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Otis College Welcomes New Liberal Arts and Sciences Department Chair Melissa Lo

Lo brings a background in art, science, and history to the interdisciplinary program. 
Anna Raya

Melissa Lo, the new Liberal Arts and Sciences (LAS) Chair at Otis College, has an impressive academic background, to be sure—Harvard BA and PhD degrees, MS from MIT, Fulbright and Mellon fellowships—but it was during her presentation as a candidate for this role that she disarmed the faculty, staff, and students with her open and expressive approach to Liberal Arts and Sciences education. Taking over on August 1st from Kerri Steinberg, who has graciously and arduously worked as the Interim Chair of LAS, including transitioning the program to remote instruction during the COVID-19 pandemic, Melissa starts her tenure at a tentative time in higher education, not only because of the pandemic, but also because of the essential conversations around racism that have been happening in the country, and at Otis. Her unique academic and professional background—most recently, Melissa was a researcher at Shonda Rhimes’ Shondaland production company; she also has taught at Sci-Arc, UCLA, and Cedar Sinai Hospital; and has worked at The Getty Research Institute, the Huntington Library, the Hammer Museum, and the Petersen Automotive Museum—has imbued her work with humility, openness, and compassion, all qualities that will be instrumental in her transition into the LAS role. This week, Melissa answered some questions about her background and her vision and goals for Otis.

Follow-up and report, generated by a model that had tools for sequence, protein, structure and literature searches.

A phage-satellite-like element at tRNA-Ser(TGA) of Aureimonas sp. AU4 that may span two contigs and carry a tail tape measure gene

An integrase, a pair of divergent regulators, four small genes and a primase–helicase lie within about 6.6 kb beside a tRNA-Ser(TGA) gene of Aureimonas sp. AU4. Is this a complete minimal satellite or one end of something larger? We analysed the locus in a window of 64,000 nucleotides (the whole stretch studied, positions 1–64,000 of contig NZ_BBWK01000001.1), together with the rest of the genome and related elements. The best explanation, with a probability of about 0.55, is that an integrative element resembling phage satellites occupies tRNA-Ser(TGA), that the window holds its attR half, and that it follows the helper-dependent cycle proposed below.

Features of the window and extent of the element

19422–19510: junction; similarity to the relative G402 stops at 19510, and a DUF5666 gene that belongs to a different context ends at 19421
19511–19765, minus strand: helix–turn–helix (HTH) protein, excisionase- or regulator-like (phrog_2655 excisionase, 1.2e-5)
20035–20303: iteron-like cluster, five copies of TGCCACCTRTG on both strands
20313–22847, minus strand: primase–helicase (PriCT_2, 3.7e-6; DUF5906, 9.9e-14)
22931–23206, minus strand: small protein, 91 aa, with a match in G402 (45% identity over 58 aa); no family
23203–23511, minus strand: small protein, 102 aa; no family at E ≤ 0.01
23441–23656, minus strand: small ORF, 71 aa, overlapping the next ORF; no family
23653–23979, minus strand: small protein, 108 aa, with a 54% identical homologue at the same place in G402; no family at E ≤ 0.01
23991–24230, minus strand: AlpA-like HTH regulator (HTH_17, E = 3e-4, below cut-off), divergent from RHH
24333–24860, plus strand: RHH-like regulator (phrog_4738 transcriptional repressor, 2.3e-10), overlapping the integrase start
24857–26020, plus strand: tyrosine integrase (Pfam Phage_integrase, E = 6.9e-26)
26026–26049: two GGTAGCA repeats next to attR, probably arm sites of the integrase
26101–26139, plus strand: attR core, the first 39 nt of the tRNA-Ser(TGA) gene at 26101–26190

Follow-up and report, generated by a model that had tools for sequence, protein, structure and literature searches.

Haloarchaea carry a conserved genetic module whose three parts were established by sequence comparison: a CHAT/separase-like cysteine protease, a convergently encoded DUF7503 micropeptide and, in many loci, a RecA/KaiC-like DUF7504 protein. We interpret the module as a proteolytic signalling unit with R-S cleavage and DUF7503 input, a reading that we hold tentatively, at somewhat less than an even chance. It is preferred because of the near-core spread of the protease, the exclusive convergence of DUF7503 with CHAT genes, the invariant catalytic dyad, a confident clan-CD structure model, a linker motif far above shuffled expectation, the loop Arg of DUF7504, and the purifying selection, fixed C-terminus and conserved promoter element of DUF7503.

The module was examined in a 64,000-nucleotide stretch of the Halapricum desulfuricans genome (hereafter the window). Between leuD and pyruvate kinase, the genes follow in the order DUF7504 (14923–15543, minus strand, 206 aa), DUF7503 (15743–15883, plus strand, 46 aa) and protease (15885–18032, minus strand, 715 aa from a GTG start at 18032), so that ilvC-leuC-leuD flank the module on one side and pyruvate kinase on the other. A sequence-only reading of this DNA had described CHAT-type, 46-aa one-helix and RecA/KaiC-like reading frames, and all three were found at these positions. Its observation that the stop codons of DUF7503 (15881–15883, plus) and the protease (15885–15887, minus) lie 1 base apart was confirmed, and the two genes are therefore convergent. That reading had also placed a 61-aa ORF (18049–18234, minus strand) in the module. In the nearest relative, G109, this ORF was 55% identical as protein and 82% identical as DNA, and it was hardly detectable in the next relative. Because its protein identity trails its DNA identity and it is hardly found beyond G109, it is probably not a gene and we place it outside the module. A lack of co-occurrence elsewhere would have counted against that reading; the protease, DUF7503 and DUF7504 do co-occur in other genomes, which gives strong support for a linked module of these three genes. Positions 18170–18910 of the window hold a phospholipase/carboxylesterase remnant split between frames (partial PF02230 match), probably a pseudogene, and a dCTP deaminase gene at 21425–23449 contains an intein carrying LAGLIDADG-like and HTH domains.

What was it about the LAS Chair role that attracted you to Otis College?

I’ve always loved thinking with artists and designers. They’re constantly helping me reimagine the world we live in, and pointing the way towards new, more equitable futures. When I first heard about this opportunity, I began to reflect on the many ways I could work with the artists and designers at Otis. When I realized that we would be creating things that I could never dream up on my own, I had to start crafting my application for the role.  

In your background, you’ve led a variety of teams, from a feminist arts nonprofit board (the Women’s Center for Creative Work) to an academic department at Cedars-Sinai Hospital, to undergraduate and graduate classes at UCLA and Sci-Arc. What from these experiences will inform how you will work with faculty, staff, and students at Otis?